MENLO PARK, Calif., Nov. 22, 2021 (GLOBE NEWSWIRE) — Ropers Majeski, a multi-national law firm representing clients in litigation and transactions internationally, secured a $14.5 million trademark infringement jury verdict in the U.S. Court for the Northern District of California (N.D. Cal) on November 17 for client SinCo Technologies (SINCO), a Singapore-based supplier to tier-one OEM consumer electronic tech companies. Litigation Partner Lael Andara led the Ropers Majeski trial team.
“We’re grateful that the jury unanimously and clearly understood and agreed with our assertion that initial interest confusion occurred,” said Andara. “Ultimately, such willful behavior stifles innovation, slows product development, chills entrepreneurialism, and has the potential to impact the end consumer experience negatively. Hopefully, this substantial verdict serves as a deterrent to similar activity in the future.”
SINCO sued its contract manufacturer Sinco Electronics (Dongguan) Co. (subsidiary of Jinlong Machinery & Electronics Co., Ltd.), now called “XINGKE,” for trademark infringement on Sept. 22, 2017, in N.D. Cal. XINGKE claimed an affirmative defense of abandonment. SINCO initially granted its contract manufacturer XINGKE a geographically limited license to use its trademark in China within the scope of work for SINCO before 2016. XINGKE was acquired by a competitor of SINCO in 2016, under the direction of Mui Liang Tjoa.
Shortly after the acquisition, SINCO learned its employees Mark Liew and Cy Ng, who were stationed in China to oversee SINCO’s interests at the factory, had traveled to the United States to meet with SINCO’s customers – without the knowledge and permission of SINCO. Before resigning from SINCO, defendants Liew and Ng introduced Tjoa to SINCO customers in the U.S. during several unauthorized visits in 2016 and 2017. XINGKE and its agents used SINCO’s trademarks registered with the U.S. Patent and Trademark Office and the previous relationship of its employees to divert SINCO’s business to China. In 2018, Federal Judge Edward Chen issued a preliminary injunction banning the defendants from using “SinCo” and “SinCoo.”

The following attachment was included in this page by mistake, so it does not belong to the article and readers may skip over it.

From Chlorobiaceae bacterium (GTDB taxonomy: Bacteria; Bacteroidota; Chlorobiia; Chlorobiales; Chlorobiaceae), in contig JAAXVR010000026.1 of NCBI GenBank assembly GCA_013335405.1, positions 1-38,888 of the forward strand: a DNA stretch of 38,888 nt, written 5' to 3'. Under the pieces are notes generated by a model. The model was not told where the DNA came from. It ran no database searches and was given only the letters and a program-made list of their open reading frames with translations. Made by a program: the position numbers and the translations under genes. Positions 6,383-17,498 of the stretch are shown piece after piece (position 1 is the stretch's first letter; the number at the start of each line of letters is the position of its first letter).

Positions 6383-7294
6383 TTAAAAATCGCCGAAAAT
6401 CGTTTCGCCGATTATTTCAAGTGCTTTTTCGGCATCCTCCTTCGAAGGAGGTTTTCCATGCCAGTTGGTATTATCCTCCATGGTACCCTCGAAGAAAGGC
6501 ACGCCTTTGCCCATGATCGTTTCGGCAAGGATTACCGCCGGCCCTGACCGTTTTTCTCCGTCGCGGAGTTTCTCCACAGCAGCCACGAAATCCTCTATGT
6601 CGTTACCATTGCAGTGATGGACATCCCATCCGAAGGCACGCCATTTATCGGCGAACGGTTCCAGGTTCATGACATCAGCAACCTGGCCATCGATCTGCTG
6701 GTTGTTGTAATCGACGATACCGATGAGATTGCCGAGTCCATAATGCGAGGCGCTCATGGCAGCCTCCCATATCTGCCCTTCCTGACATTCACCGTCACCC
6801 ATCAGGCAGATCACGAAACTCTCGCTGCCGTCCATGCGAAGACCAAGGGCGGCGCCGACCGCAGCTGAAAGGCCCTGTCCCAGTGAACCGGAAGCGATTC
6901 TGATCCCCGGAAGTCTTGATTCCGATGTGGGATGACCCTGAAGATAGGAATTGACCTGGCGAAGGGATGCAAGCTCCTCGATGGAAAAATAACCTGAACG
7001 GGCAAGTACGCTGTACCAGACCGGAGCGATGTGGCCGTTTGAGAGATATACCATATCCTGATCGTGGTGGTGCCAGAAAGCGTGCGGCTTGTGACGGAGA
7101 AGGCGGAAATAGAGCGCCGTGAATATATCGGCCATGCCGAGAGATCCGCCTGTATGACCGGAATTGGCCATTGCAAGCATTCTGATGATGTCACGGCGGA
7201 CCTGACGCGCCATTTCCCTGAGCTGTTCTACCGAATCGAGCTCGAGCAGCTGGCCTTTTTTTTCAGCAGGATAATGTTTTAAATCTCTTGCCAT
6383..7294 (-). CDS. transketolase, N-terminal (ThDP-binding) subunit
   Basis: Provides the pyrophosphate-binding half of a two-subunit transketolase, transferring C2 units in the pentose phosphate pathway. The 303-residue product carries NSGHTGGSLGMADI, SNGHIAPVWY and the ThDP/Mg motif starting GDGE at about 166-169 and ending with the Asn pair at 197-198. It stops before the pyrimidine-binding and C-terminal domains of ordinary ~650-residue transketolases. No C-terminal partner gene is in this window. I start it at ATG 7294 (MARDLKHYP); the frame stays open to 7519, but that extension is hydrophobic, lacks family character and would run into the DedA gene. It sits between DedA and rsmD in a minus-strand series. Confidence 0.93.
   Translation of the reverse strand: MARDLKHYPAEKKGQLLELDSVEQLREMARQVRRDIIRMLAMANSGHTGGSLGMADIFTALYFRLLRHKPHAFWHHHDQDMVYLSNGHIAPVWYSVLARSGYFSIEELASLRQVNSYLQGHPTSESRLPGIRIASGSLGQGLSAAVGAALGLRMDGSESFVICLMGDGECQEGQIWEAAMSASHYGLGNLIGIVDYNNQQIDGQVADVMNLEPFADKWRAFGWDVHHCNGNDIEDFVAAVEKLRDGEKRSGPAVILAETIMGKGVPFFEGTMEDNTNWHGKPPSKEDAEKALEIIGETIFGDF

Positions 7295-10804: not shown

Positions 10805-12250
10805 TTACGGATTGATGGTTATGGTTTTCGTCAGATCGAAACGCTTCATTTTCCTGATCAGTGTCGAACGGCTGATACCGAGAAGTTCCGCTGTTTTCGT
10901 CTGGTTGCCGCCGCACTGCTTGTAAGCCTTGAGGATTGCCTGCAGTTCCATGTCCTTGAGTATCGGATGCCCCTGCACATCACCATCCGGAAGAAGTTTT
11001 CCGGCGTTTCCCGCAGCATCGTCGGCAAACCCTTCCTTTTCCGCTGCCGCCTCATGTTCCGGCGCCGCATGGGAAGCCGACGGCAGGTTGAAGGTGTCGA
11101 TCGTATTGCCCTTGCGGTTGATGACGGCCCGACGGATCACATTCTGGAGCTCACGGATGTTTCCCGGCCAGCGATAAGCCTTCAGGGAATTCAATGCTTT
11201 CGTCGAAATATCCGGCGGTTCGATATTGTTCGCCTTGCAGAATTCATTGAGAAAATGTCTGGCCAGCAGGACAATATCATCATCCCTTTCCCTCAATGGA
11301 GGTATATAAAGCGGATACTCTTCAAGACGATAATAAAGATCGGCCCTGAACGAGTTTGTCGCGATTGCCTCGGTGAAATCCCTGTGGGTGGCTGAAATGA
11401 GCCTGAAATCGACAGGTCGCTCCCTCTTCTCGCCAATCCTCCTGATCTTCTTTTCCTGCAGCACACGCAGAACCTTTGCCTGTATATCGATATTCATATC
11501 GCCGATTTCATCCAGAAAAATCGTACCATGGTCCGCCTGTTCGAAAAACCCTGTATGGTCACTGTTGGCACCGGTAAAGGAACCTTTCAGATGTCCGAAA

In a related pending case, SINCO has further alleged that in 2016, XINGKE recruited SINCO’s employees to violate their employment contracts in an effort to obtain SINCO’s trade secrets as part of a conspiracy to divert SINCO’s business in the United States to China. Those claims go to trial in 2022 in separate litigation pending in the Superior Court of California, County of Santa Clara, where SINCO has also obtained two preliminary injunctions against their ex-employees, Liew in 2017 and Ng in 2018. (Case. No. 16CV301867).
The recent federal trademark case was heard by an eight-member jury from November 1 – 17 in Judge Chen’s court in San Francisco. After three days of deliberation, the jury unanimously found in favor of SINCO and against XINGKE and its agents on the issue of trademark infringement, awarding a total of $14.5 million of damages to SINCO Technologies. $11 million was awarded against defendant XINGKE, $2 million against defendant Tjoa, and $750K each was awarded against defendants Liew and Ng for willful trademark infringement of SINCO’s U.S. trademarks.
The case is Sinco Technologies Pte Ltd. v. Sinco Electronics (Dongguan) Co. Ltd., et al., Case No. 17-cv-05517-EMC.
Kalisha M. Crawford
Director of Marketing & Business Development
Ropers Majeski PC